TenantsTips / Australia / Asbestos and lead in rental properties

Asbestos and lead in rental properties

This article offers tenants advice and information relating to the issue of asbestos and lead in rental properties.

What is asbestos?

Asbestos is a natural fibrous material previously used in the building trade. Asbestos was used largely for building insulation and is commonly found in roofing, walls, drains and flues. Prolonged exposure to and inhalation of asbestos fibres can cause illness. However, asbestos does not normally pose a health threat unless it becomes damaged or exposed.

What is lead?

Lead is a type of metal. Lead was commonly used in paint before 1970 and some roofing and other building materials. Lead can be a health risk to young children and pregnant women.

Are these issues considered repairs?

A rental property will not be considered as in need of repair because of the presence of lead or asbestos. As outlined above these substances only present a threat if damaged or exposed.

Rights & Obligations:

The tenant is responsible for:


  • Ensuring that the property is kept ‘reasonably’ clean.
  • Promptly notifying the landlord of any damage to the property.
  • Taking action to avoid or limit loss (mitigating loss).


The landlord is responsible for:


  • Providing premises that are ‘reasonably’ clean.
  • Providing premises that are in a state of ‘reasonable’ repair.
  • Taking action to avoid or limit loss (mitigating loss).


Mitigation of loss:

In the case of an asbestos issue within a property examples of mitigation of loss include the following:


  • The tenant is aware that asbestos fibres have been exposed in a room at the property. The tenant closes off this room and does not use this part of the property until the problem has been addressed.
  • The landlord has been notified by the tenant of an asbestos issue. The landlord acts quickly and has repairs carried out to reduce health risks.


Staying at the property:

If you wish to stay at the property you should inform the landlord about the problem and ask that they arrange for the appropriate repairs. This request should be put in writing and the letter should include a list of repairs as well as a clear deadline for completion.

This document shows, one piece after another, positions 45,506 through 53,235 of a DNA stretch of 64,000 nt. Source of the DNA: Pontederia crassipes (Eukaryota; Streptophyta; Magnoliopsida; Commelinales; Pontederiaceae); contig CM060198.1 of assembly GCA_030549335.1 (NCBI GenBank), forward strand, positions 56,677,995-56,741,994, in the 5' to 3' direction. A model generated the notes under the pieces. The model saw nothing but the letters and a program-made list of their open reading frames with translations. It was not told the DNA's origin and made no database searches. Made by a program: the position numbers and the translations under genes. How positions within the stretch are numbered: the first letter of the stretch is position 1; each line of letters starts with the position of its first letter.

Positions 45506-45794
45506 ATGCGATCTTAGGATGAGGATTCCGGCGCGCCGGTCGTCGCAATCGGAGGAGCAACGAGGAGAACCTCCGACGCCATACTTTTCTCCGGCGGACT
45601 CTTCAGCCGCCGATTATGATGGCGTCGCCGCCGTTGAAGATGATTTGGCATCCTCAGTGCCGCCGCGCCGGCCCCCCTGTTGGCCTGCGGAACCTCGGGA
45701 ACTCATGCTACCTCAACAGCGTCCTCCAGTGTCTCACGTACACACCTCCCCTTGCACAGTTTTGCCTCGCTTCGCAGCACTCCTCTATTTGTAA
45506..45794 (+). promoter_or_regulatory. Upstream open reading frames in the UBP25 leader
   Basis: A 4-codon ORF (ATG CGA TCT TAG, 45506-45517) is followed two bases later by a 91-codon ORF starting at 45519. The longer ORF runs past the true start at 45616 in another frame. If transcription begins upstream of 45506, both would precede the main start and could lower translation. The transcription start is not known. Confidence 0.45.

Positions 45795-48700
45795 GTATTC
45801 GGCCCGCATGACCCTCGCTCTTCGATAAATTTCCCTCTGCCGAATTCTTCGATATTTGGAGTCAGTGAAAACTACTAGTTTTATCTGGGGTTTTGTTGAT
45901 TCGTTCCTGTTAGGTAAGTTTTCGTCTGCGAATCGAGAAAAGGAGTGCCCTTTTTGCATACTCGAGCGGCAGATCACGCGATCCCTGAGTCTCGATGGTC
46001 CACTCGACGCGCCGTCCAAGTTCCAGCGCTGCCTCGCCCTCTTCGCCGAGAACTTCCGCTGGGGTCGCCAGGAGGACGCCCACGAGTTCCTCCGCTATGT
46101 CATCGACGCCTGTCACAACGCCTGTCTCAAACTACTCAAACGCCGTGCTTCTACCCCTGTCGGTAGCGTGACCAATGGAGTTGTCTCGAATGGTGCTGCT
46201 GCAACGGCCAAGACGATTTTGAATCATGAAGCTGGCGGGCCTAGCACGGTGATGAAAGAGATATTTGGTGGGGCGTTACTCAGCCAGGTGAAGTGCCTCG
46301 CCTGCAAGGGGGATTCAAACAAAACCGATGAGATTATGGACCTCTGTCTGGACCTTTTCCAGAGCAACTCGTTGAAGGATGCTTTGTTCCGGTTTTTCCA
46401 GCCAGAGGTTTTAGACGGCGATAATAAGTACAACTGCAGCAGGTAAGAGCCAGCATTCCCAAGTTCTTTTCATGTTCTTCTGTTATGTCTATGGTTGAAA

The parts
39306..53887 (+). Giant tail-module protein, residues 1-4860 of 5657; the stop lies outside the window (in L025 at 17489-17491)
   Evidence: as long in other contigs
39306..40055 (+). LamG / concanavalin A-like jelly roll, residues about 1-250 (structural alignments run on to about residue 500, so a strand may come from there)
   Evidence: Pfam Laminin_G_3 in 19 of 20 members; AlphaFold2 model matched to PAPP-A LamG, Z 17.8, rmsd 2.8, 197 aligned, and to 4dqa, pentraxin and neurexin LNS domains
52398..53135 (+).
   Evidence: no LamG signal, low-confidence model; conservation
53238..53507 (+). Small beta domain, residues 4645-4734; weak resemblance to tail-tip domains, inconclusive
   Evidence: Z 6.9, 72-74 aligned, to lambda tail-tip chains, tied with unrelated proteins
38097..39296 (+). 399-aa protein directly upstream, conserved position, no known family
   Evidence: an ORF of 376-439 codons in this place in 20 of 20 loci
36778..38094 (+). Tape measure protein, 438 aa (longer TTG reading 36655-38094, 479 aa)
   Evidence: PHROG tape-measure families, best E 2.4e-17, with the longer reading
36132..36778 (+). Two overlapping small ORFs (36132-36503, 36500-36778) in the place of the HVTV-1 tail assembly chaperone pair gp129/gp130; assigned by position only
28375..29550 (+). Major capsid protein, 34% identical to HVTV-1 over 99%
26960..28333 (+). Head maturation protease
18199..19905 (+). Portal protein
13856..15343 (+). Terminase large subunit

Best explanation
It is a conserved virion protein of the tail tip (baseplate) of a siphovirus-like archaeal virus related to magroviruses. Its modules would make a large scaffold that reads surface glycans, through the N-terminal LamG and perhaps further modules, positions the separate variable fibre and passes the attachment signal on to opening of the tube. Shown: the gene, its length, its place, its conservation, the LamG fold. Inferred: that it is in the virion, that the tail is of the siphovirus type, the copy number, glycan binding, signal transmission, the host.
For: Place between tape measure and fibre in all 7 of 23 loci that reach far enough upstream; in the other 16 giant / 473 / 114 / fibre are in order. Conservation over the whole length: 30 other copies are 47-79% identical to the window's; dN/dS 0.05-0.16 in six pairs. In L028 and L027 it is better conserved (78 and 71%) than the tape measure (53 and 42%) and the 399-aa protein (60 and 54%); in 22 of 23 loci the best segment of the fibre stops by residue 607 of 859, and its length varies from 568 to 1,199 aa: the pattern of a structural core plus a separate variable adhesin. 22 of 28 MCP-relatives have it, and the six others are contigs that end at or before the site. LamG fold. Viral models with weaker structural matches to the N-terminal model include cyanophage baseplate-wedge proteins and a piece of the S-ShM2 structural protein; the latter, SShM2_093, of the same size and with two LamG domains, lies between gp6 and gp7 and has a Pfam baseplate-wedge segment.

It is advised that you keep a record of any correspondence regarding repairs so that you are able to prove that you notified the landlord about the problem.

If your landlord fails to arrange for repairs in a timely manner you can make an application to the NSW Civil & Administrative Tribunal for orders to enforce action.

Applications to NSW Civil & Administrative Tribunal:

Applications to the NCAT can be made for any of the following orders:


  • That the landlord carries out repairs as requested.
  • That the landlord pays you compensation for a loss suffered as a result of their failure to make repairs.
  • That the rent be reduced from the time you informed the landlord about the problem until the repairs are completed.
  • That the rent be paid to the tribunal until repairs are undertaken.


In order to submit an application for orders to the NCAT your name must be on the tenancy agreement. Tenants are advised to submit applications within 3 months of the landlord’s failure to carry out repairs.

Orders for repairs:

If you make an application to NCAT you should be able to prove the following:


  • That the property is not in a state of reasonable repair.
  • That you are not liable or at fault.
  • That the landlord was aware of the need for repairs.
  • That you informed the landlord.
  • That the landlord did not act promptly to complete repairs.



If you make an application to NCAT for any orders you will be required to provide evidence in support of your claims. Types of evidence include any of the following:


  • The condition report.
  • Your tenancy agreement.
  • Any tenant/ landlord correspondence.
  • Photographs of asbestos/ lead from the property.
  • Information on asbestos/ lead which relates to the case.
  • Receipts for any expenses incurred.


Personal injury:

If you have suffered an illness or injury as a result of asbestos/ lead within your rental property you may wish to make a personal injury claim. In this case you are advised to discuss your options with a solicitor.

Further information:

Asbestos and lead can pose a health risk. If you are concerned that you or anyone at your property has been harmed or injured due to asbestos or lead inhalation you should seek medical attention


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